Additionally, the outfits used by ballet dancers during this period are quite different from that used today. For instance, dancers wore “masks, layers upon layers of brocaded costuming, pantaloons, large headdresses and ornaments”. Such an outfit may be said to be an ostensive display of its wearer’s wealth.
Nevertheless, this mass of clothing was rather cumbersome, and inhibited a dancer’s movement. Thus, dance steps consisted of relatively simple movements, including “small hops, slides, curtsies, promenades and gentle turns”.
A publicity photo for the premiere of Tchaikovsky's ballet ‘The Sleeping Beauty’ (1890). ( Public Domain )
The social context of ballet may also be said to have been quite different at this early period. Although the di Botta’s dances were meant to entertain, by the time it arrived in France, it became somewhat more serious.
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A King’s Role
Like the Italians of the Renaissance, ballet was performance by the upper classes of French society. Unlike the audience-orientated performances of today, such dances were meant to entertain the dancers. As court life could be monotonous and boring at times, ballet was seen as a form of amusement. Additionally, being able to dance was “necessary social accomplishment” for the people at court. Thus, kings, princes, aristocrats and courtiers learnt the ballet. Interestingly, it may be noted that during this time, ballet was a male dance, and female dancers only became prominent after the French Revolution.
One of the most famous figures who danced the ballet was Louis XIV of France. This king was a passionate ballet dancer, and is also known as ‘The Sun King’, since he played the role of the Sun (personified by the Greek god Apollo) in the Ballet de la Nuit in 1653.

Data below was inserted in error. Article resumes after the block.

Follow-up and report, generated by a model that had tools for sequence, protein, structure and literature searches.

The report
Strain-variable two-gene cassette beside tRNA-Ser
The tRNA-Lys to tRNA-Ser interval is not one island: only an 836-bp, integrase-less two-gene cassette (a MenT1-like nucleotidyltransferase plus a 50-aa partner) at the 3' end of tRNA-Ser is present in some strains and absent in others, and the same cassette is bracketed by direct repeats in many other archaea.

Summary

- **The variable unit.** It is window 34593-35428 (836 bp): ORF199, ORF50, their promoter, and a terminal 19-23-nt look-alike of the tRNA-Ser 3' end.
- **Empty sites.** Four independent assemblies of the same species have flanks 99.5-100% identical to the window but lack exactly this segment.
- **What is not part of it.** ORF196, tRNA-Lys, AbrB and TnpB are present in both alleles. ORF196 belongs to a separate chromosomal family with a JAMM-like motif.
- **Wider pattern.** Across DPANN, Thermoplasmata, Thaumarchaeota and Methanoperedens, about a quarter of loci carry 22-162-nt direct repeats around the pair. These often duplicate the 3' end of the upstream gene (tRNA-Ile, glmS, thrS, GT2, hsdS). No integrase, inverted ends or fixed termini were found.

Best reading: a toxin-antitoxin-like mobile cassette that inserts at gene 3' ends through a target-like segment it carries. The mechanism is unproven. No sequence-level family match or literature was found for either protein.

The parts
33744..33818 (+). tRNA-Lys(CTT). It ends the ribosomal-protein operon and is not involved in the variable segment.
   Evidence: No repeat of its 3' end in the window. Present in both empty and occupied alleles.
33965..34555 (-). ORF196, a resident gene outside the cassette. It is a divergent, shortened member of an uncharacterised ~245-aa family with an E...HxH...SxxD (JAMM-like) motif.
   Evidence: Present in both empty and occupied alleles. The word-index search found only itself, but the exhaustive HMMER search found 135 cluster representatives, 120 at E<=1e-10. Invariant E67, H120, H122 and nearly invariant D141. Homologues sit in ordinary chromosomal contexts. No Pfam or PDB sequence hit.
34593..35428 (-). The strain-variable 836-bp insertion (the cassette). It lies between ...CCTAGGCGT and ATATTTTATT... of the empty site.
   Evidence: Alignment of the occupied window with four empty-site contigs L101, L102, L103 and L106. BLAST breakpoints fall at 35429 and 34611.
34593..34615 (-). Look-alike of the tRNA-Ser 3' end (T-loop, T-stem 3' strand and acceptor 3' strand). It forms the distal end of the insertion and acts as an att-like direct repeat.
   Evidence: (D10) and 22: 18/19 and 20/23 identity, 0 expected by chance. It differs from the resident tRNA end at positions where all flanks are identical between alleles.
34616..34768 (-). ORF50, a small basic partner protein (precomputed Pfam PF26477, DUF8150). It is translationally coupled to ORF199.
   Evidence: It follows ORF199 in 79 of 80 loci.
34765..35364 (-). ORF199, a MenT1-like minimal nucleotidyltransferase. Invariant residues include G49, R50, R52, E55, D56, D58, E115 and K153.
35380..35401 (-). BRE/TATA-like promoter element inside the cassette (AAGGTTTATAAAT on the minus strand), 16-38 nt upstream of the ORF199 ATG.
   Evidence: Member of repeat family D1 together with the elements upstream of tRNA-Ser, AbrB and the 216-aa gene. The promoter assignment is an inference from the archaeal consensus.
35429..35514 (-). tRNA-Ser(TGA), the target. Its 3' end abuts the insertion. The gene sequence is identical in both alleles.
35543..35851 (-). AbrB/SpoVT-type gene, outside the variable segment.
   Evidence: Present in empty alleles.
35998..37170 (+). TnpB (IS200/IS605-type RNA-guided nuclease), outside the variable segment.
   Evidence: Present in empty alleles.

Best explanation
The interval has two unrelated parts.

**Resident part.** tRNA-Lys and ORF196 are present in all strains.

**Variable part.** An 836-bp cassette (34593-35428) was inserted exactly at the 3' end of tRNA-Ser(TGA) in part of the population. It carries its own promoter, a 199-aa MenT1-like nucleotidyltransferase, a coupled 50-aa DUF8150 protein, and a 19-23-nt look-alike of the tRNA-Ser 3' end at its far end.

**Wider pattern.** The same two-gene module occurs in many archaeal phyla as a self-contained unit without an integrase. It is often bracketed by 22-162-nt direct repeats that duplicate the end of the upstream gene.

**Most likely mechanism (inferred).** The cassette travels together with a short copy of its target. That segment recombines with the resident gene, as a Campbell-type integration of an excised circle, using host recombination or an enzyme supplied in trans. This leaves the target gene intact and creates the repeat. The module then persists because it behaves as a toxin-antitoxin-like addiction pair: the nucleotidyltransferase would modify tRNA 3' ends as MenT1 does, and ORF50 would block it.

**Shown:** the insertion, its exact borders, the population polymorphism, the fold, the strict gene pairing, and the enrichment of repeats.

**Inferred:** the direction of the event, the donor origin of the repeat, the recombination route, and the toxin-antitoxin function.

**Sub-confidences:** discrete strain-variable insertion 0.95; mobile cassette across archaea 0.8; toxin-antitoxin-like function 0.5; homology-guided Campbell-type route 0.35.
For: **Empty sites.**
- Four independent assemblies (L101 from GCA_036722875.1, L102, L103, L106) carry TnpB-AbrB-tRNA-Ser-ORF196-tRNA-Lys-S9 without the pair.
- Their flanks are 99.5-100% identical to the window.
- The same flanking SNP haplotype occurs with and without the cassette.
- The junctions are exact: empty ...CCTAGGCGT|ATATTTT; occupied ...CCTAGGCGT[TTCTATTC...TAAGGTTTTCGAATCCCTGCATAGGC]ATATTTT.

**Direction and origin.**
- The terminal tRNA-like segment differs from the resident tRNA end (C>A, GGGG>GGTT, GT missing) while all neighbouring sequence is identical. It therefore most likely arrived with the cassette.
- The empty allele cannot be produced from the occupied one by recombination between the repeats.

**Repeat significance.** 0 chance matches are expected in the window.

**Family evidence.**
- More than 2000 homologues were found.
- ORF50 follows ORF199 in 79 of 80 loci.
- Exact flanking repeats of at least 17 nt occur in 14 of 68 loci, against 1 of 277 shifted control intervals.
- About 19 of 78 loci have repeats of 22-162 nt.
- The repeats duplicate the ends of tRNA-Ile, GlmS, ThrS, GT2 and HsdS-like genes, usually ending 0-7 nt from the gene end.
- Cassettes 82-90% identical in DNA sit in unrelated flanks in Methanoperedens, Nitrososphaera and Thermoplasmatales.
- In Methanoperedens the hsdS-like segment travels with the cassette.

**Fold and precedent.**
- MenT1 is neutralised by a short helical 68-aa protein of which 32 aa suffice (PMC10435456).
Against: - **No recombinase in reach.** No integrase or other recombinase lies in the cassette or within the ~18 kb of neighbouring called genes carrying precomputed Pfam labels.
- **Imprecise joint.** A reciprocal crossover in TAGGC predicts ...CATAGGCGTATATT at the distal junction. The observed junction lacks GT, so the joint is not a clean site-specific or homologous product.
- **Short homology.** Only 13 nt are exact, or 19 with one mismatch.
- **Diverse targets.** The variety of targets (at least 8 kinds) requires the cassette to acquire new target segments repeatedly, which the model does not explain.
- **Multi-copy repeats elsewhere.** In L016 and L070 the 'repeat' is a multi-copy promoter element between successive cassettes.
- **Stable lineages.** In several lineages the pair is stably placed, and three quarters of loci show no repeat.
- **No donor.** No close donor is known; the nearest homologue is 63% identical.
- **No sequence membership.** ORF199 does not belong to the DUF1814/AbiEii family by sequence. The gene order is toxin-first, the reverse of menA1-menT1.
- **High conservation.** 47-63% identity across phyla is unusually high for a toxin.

Louis XIV in Lully's Ballet de la nuit (1653). (CC BY-SA 3.0 )
One of the greatest contributions of this king to ballet was the establishment of the Academie Royale de Danse in 1661. It was in this academy that the first professional ballet dancers were trained. As a consequence, ballet would no longer be enjoyed only by the court, but would, through theaters, gradually be disseminated to all levels of society.
Another important achievement of the academy was the codification of the five positions of the feet and arms by one of its ballet masters, Pierre Beauchamp (who was also Louis XIV’s personal ballet tutor). These positions continue to be taught and used even today. From France, ballet would eventually spread to the rest of the world, and continue its evolution as an art form.
Featured image: The Royal Ballet of the Dowager of Bilbao's Grand Ball, 1626. Photo source: Public Domain .
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Available at: https://www.australianballet.com.au/education/about_ballet/history_of_ballet
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Available at: http://www.vam.ac.uk/content/articles/o/origins-of-ballet/
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Available at: http://www.ccs.neu.edu/home/yiannis/dance/history.html